Seminole legends T.K. Wetherell and Charlie Ward return to Florida State to speak at SodTalk before the Florida versus FSU game on Nov. 26 2016
Thomas Kent “T.K.” Wetherell, president emeritus of Florida State University and former president of Tallahassee Community College, lost his 16-year-battle with cancer Sunday.
Wetherell would have turned 73 on Saturday.
Wetherell had been in treatment at the Duke University Medical Cancer and returned home for Thanksgiving. He had been hospitalized at Tallahassee Memorial HealthCare until Thursday
He told his wife, Virginia, and doctors he requested treatment be stopped and was admitted to Big Bend Hospice.
He is remembered as one of the champions of Florida, finding his niche in education and politics.
Wetherell is respected as one of Tallahassee’s most powerful leaders, serving as president of Florida State University from 2003 to 2010.
He also is credited with transforming Tallahassee Community College, where he was president from 1995 to 2001.
Wetherell served in the Florida House of Representatives from 1980 to 1992, presiding as House Speaker his final two years. It was in the Capitol arena that he also chaired the coveted Appropriations and Education committees.
Wetherell was the first alumnus of Florida State to become its president and brought a wealth of experience and dedication to the institution that raised its stature on many levels.
After retiring from the presidency, Wetherell served as a professor in the College of Education and director of the Center for Higher Education Research, Teaching & Innovation.
“As a veteran lawmaker, tireless supporter of higher education and then as president, T.K. used his energy and intellect to not only lead FSU through a severe budget crisis but to make sure it flourished in so many ways,” said FSU President John Thrasher. “He was a remarkable person and a great friend.”
Under Wetherell’s leadership, Florida State embarked on a major transformation. He is credited with increasing the academic profile of its students, increasing the number of doctoral degrees awarded, increasing research dollars, and most importantly, leading to millions of dollars in construction projects on campus.
“T.K. was an amazing man who was able to accomplish so much because of his boundless energy and his ability to focus and continue working through any challenge,” former FSU Provost Larry Abele said. “He was always optimistic that whatever project he was working on would be successful.”
Wetherell took charge of the Pathways of Excellence initiative, resulting in the hiring of new faculty, major investments in graduate-level programs and $800 million worth of new construction and renovations, including state-of-the-art chemistry, biological science, psychology and medicine buildings, turning the northwest corner of campus into a research quadrangle.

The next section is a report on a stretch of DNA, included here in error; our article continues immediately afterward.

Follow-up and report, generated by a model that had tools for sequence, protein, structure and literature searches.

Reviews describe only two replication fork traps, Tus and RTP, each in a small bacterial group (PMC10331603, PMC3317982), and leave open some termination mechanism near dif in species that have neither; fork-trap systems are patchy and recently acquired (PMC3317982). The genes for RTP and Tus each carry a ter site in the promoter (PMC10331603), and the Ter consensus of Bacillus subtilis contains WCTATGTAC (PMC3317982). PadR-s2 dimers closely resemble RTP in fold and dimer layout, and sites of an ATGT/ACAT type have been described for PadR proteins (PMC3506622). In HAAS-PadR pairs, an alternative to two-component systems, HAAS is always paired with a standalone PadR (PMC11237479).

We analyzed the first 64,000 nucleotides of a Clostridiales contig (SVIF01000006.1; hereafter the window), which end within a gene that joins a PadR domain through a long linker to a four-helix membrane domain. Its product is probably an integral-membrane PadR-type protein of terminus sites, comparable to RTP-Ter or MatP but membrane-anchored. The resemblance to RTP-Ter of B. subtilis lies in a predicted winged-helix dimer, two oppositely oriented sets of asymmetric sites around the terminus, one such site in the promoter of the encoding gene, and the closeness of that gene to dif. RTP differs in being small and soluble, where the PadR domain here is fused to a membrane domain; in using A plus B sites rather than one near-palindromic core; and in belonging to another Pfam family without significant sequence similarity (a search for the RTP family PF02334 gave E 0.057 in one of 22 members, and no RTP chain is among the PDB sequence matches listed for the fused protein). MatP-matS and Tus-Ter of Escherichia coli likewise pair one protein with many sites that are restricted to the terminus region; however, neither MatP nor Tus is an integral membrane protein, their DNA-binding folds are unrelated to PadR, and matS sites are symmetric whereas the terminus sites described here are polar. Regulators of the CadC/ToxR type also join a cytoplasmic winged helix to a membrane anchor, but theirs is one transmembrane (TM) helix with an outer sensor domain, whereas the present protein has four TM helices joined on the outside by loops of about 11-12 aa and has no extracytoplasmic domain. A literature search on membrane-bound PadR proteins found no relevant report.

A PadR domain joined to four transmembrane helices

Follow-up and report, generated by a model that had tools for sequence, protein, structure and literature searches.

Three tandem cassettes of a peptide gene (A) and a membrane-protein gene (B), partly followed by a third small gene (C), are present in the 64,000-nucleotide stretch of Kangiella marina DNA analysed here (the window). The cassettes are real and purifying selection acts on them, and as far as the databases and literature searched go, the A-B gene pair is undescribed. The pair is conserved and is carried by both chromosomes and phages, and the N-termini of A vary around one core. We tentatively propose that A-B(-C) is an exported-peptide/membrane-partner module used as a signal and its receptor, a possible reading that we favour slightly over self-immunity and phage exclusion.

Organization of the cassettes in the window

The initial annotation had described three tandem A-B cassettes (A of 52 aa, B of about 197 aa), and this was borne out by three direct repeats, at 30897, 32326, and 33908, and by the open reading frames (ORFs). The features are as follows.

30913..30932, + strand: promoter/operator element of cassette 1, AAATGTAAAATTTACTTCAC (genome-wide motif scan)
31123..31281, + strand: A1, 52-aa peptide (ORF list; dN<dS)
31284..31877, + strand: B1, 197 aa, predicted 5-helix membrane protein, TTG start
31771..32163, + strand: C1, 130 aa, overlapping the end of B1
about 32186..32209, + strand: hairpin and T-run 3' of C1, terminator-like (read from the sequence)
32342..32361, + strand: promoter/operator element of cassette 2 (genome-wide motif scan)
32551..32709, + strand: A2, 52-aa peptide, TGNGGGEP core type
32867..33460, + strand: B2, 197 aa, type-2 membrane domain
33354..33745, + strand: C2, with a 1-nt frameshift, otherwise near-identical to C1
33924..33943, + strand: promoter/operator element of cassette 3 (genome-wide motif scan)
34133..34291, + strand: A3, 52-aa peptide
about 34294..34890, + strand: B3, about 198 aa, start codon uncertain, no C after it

Also under his leadership:
- In 2005, FSU lured the Applied Superconductivity Center from the University of Wisconsin in Madison, where it had been housed for two decades. The center became the materials research division of the National High Magnetic Field Laboratory
- He oversaw a new Alumni Center, new general classroom buildings, parking garages, residence halls and dining halls.
- He was instrumental in the $33-million renovation of Ruby Diamond Auditorium
- He established the Office of National Fellowships in 2005, and the Office of Undergraduate Research and Creative Endeavors, now called the Center for Undergraduate Research and Academic Engagement, which resulted in improving retention and graduation rates.
- The College of Medicine graduated its first class, in 2005, opened six regional campuses and established research collaborations with the Mayo Clinic in Jacksonville and Tallahassee Memorial HealthCare.
- He forged a stronger relationship with the Seminole Tribe of Florida. Under his leadership, the university created a Seminole history course, began a new tradition of tribe members participating in every commencement ceremony and unveiled a bronze statue at the University Center depicting a Seminole family during the wars of the 1830s, the university said.
“Beyond expanding academic programs and facilities, T.K. made sure that space for student life kept pace,” said former Vice President for Student Affairs Mary Coburn.
Examples include the Dunlap Student Success Center, the Center for Global and Multicultural Engagement and the Health and Wellness Center.
“He was a tireless advocate for students and valued the importance of growth and learning beyond the classroom,” Coburn said.
Bill Smith, chairman, president and CEO of Capital City Bank Group, said Wetherell was “the greatest fundraiser FSU ever had.”
He said Wetherell will be remembered for the new construction completed at FSU during his presidency, his sense of importance of FSU to the Tallahassee business community and his success in creating the University Center.
“He was the right president at the right time for Florida State,” Smith said. “He brought incredible energy to every endeavor.
“When you think of Doak Campbell Stadium, T.K. was able to take the erector set to one of the most beautiful structures in Tallahassee,” Smith said. “Think of what he did to preserve the architecture at Florida State and the use of brick. What a wonderful legacy to leave to the Tallahassee community.”
Lee Hinkle served as vice president for university relations during Wetherell’s presidency at FSU. She said he arrived to work early and ran at two speeds, “wide open and shut off.”
“T.K. always embraced life,” she said. “He was tenacious, visionary and shrewd. He was always three steps ahead of everyone in the crowd and that’s what made him so successful. All of us who knew him are inspired by his life and the battle he fought against this disease. We are going to miss him.”